By Mark Gerson
We Jews have a concept of the lamed vavnik—that there are 36 people in every generation upon whom the world rests. My family has been deeply fortunate to know many of them. These are the Christian missionary doctors whom we know through the foundation we established 10 years ago, African Mission Healthcare, which partners with them to provide clinical care, infrastructure, and training in support of the African poor. These doctors live and work in conditions most people in the U.S. would consider impossible—making sacrifices that would otherwise be unimaginable—in order to live their Christian faith by bringing care to those who need it most. The Christian Broadcasting Network has been an extraordinary partner and friend in this work.
Whether at the end of a day observing their work in Africa or conversing in the dining room of our Manhattan apartment when they are visiting the United States, my wife (a rabbi) and I always ask each missionary the same question. We have spent the day (or the evening) with you, we say, but we have not heard anything that most people would consider the “missionary” aspect of your work. You sacrifice everything to serve the poor in the name of Jesus Christ—but we have not heard you try to convince anyone to adopt your faith. How, then, do you conceive of the missionary aspect of your work?
One missionary told me something I’ll always remember—he said one can only have that conversation with someone who asks you: “Why do you care so much?” This question only comes after the kind of deep and sustained engagement that leads one to ask that question.
Similarly, other missionaries told us they are doing what Jesus would want them to or they are trying to imitate Christ, and by doing so, people sometimes ask them questions about what is leading them to such a life of productive sacrifice.
One thing no missionary has ever said is that a successful missionary opens a conversation or begins a relationship by trying to share the Good News. That conversation can happen, but only after a relationship that begins in admiration and gratitude has already started.
I was recalling these conversations today while studying the upcoming parsha (i.e. Torah reading)—Miketz. The Pharaoh had a disturbing set of dreams in which seven healthy cows get swallowed by seven sickly ones and then seven healthy sheaves of wheat get swallowed by seven sickly sheaves. He knew these dreams were significant and called in the magicians of Egypt to interpret them for him. We are not told what these interpretations were, but none satisfied him.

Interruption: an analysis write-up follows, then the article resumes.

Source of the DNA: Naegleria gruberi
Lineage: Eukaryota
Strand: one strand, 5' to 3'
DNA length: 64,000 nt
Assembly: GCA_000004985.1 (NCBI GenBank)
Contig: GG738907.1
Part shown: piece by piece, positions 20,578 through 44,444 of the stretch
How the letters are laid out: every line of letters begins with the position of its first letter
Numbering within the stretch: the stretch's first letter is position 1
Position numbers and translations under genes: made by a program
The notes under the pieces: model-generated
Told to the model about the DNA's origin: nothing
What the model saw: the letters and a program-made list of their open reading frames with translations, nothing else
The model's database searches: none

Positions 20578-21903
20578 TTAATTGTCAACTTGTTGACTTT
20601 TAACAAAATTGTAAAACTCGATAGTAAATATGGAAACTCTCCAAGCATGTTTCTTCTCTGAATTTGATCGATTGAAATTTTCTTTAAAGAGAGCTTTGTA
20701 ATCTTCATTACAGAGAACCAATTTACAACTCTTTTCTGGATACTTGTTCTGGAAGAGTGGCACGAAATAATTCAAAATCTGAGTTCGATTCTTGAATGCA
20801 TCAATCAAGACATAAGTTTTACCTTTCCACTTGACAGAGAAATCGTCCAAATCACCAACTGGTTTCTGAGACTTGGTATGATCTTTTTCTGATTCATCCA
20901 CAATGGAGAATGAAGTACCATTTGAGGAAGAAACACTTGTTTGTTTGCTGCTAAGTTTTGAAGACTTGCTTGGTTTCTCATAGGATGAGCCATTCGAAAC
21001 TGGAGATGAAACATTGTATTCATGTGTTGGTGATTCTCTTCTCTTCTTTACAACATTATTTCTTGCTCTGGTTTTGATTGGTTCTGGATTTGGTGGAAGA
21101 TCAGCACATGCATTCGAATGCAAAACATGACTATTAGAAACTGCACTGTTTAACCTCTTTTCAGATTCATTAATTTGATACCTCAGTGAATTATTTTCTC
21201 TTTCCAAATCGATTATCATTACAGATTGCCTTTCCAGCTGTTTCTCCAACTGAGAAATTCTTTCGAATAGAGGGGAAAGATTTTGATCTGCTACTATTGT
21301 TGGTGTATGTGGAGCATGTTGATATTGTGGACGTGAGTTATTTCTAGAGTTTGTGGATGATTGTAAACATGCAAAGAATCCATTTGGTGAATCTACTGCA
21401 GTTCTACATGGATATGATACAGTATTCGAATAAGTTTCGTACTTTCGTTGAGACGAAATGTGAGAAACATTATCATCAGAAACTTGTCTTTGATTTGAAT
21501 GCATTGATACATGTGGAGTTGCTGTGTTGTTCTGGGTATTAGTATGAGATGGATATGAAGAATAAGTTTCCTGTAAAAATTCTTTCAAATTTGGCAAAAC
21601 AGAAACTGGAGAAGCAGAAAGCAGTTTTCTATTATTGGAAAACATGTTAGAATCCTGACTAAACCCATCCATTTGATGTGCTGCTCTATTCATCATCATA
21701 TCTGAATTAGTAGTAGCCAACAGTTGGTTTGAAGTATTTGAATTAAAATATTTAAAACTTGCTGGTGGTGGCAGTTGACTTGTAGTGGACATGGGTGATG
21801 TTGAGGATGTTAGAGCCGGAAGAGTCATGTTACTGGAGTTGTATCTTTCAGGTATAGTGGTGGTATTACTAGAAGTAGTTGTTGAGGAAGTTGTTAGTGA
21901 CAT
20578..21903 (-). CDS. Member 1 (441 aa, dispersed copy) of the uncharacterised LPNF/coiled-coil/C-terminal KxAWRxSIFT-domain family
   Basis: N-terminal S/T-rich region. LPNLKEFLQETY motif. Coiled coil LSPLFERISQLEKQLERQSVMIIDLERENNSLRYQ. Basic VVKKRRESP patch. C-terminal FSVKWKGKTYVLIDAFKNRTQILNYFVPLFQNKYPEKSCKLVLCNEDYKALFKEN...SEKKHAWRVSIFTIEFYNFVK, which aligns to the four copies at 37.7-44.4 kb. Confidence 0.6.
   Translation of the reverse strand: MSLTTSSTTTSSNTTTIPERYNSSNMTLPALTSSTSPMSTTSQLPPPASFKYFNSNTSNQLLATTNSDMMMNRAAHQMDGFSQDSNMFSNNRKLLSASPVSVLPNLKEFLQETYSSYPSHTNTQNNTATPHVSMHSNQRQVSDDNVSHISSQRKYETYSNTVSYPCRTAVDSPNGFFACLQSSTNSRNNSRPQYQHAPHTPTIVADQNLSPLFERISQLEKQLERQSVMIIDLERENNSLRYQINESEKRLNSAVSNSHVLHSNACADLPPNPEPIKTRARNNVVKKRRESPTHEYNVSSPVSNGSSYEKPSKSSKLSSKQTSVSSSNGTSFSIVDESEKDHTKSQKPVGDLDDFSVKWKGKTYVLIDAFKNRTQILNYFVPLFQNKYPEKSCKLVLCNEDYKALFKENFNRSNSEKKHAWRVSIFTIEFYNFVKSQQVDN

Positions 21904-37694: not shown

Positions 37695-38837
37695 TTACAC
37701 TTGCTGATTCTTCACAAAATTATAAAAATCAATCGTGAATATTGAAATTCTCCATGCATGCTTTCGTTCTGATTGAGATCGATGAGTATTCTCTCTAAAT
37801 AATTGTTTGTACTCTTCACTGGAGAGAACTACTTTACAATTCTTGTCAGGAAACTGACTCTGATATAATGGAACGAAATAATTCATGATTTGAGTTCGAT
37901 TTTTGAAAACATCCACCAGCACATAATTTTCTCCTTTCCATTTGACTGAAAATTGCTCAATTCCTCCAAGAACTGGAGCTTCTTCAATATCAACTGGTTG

The Pharaoh’s cupbearer told his boss he had been in prison with a “young Hebrew” who was a remarkable dream interpreter. The Pharaoh summoned this young Hebrew who, unlike the Egyptians, understood the concept of time (as physician and educator Leon Kass points out). The young Hebrew told the Pharaoh that Egypt was about to experience seven years of plenty followed by seven years of famine, suggested that the Pharaoh appoint a “discerning and wise man” to administer the situation, and produced a plan the administrator could execute.
The young Hebrew—the young Jew—is, of course, Joseph.
There are many interesting and instructive lessons within Joseph’s interpretation. Rabbi Efrem Goldberg shows how Joseph, in his interpretation, “name drops” God several times. The Pharaoh does not ask about God; there is no reason to think that the Pharaoh even knew God. Joseph, as Rabbi Goldberg shows, is educating the Pharaoh about God—not by telling him directly—but by showing how God, working through Joseph, can solve the Pharaoh’s problem. And it works. The Pharaoh, upon hearing Joseph’s interpretation, announces to his servants: “Could we find another like this—a man in whom there is the spirit of God?”
We Jews do not have missionaries like our Christian brethren do. We welcome converts, but it is not our mission to convert anyone to Judaism—and so we never try. But we are missionaries in a different sense. As Rabbi Shlomo Riskin says, Abraham was “the consummate missionary practicing ethical monotheism wherever he went.” We are called to be missionaries for God and His message of ethical monotheism, which people can seek in any number of ways and faiths.
However one conceives of missionary responsibility, Joseph shows us how it is done. It is by learning the needs of the other, understanding the problems of the other—and working to fulfill those needs and solve those problems—that enables the larger conversation to be welcome. It is also by interpreting one’s dreams and giving helpful advice, helping others find their passion and mission in life, and giving advice as to how to live out that dream. It is through admirable action that others become inspired, and it is through the curiosity that accompanies such inspiration that opens the missionary conversation—one that started with Joseph and continues with the lamed vavnik we have come to know through our work with African Mission Healthcare.
Mark Gerson, a devoted Jew, is an entrepreneur and philanthropist who (along with his wife, Rabbi Erica Gerson) is perhaps the world’s largest individual supporter of Christian medical missions. He is the co-founder of African Mission Healthcare (AMH) and the author of a forthcoming book on the Haggadah: The Telling: How Judaism’s Essential Book Reveals the Meaning of Life.